Archives For olive oil

frittata di maccheroni

Frittata di maccheroni

 

The more I learn about southern Italian cuisine the bigger the differences I see between that and northern cuisine. And, to be honest, nothing surprises me. I was recently taught this recipe by a good friend of mine from Naples and it’s already become one of my go-to favourites. As the name suggests―maccheroni in Italian is used to refer to pasta in general rather than a specific kind―this can me made with any type of pasta. In fact, it’s often used as a way of using up leftovers. I already knew that you could make delicious arancini with leftover risotto to avoid re-heating (and therefore overcooking and ruining) the rice. But this recipe is the same with pasta. Alternatively, as with this recipe, you can cook the pasta specially and just enjoy eating the dish for its own sake.

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melanzane

 

 

 

 

 

 

 

 

 

 

 

 

 

 

 

 

 

 

 

 

 

 

 

Aubergine, eggplant, melanzane: they sound good in any language and, in my opinion, taste even better. These have been my favourite vegetables since I was a child and my mother used to prepare melanzane al funghetto alla veneziana, a kind of cold salad of marinated aubergine. Heaven. Italy is the largest european producer of aubergine and produces more than the whole of the USA. Another reason why it plays such a large role in Italian cuisine. And it’s in season all throughout the summer.

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carpaccio di zucchine

 

Until the 1960s, Carpaccio was a Venetian painter whose renaissance canvases are valued as a record of what the city looked like during his lifetime. Today, historians pore over his works extracting knowledge of the minutiae of sixteenth-century Venetian dress and architecture contained in them, including a detailed rendition of the old wooden Rialto bridge. But in 1963, Giuseppe Cipriani, founder of the now almost mythical Harry’s Bar, invented a dish subtle slices of raw meat and named it for the painter—there was an exhibition of his work in the city at the time—and for future generations the name became associated more with culinary than with visual arts.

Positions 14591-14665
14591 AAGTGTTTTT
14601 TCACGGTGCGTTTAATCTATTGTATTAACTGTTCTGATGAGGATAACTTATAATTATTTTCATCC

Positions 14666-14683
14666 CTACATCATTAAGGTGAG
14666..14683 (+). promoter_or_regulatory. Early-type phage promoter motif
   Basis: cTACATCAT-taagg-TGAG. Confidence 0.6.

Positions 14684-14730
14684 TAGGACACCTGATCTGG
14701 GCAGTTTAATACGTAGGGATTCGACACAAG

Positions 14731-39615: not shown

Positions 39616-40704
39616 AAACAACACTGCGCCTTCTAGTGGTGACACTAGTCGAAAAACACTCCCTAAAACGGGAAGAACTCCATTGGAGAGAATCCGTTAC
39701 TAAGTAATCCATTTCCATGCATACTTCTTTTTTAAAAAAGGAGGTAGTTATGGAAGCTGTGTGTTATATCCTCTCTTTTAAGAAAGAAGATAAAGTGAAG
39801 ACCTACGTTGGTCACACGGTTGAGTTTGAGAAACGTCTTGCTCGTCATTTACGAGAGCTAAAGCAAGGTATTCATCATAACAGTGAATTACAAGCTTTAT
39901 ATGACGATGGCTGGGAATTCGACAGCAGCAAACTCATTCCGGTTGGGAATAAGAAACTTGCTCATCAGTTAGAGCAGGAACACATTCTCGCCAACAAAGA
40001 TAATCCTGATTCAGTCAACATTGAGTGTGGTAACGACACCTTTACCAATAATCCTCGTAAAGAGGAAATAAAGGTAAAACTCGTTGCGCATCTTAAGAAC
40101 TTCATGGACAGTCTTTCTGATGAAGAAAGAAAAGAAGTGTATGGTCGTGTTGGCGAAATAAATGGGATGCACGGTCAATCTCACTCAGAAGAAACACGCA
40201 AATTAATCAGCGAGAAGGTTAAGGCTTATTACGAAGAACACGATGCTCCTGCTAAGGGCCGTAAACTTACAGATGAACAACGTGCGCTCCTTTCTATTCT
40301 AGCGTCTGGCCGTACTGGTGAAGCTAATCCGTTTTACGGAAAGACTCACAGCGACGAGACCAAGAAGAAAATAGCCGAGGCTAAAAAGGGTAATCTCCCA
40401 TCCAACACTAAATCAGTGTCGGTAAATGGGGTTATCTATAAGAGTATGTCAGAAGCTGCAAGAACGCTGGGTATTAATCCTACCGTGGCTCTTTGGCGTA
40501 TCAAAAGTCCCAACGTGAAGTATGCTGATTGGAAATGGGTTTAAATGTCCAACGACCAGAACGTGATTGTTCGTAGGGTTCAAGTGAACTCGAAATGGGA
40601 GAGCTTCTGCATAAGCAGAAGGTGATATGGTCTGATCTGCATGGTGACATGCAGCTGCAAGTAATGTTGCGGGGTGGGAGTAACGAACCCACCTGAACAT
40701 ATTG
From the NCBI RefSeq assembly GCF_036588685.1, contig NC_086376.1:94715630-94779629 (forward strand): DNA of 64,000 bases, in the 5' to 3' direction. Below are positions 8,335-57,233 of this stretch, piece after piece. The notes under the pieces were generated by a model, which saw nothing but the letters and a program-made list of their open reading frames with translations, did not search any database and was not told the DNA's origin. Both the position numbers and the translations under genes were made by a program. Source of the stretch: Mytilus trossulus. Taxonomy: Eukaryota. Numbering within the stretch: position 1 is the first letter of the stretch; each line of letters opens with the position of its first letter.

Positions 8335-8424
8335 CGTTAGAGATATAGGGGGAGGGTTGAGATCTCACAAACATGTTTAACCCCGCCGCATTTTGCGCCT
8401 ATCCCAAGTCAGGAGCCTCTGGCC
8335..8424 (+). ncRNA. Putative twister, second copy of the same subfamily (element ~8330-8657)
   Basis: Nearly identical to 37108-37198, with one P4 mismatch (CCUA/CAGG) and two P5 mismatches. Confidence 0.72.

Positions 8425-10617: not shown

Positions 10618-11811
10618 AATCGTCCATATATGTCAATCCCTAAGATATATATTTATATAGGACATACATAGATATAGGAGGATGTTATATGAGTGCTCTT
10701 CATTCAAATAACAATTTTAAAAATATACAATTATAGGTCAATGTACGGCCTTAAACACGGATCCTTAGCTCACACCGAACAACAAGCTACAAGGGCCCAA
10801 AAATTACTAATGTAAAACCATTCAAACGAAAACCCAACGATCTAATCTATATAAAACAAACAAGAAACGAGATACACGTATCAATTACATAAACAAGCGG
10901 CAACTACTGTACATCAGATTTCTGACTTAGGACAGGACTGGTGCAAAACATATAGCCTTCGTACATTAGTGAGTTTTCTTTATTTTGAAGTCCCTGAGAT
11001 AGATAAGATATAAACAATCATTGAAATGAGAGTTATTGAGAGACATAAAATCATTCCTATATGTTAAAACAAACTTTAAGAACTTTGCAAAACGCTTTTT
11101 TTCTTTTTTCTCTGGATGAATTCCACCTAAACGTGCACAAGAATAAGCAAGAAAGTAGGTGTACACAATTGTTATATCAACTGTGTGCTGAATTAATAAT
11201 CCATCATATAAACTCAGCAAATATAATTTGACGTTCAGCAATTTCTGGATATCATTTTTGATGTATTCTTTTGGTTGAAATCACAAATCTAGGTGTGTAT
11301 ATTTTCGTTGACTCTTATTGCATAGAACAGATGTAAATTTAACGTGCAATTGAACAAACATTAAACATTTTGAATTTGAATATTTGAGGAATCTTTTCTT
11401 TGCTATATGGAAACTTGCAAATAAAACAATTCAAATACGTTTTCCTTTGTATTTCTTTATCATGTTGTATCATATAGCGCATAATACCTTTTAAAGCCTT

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prosciutto e melone

 

 

Summer is well and truly cooking in Italy, with temperatures temperatures of 28-38°C roasting the Italian people and anyone else brave enough to enter the Mediterranean kitchen. Now is the time to take advantage of the amazing variety of produce that the hot weather brings as well as to eat lighter, more refreshing meals as the weather suppresses your appetite. Here at La Madera we’re doing a lot of al fresco dining to take advantage of the evening breezes which roll down the mountainside after the sun has set. Here’s a little taste of what we’ve been eating.

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cover

 

It’s black summer truffle season here in the Tuscan Valtiberina and these alternative fruits of the forest are everywhere. Less pungent than in some other areas of Italy they are often served grated over pasta or grilled meat in abundance. There’s one restaurant in the village where the set menu looks like its own truffle festival with the antipasti, primi, and secondi all featuring this local treasure. I’ve yet to discover a dessert using black truffle—chocolate truffle is, of course, something quite different—but watch this space.

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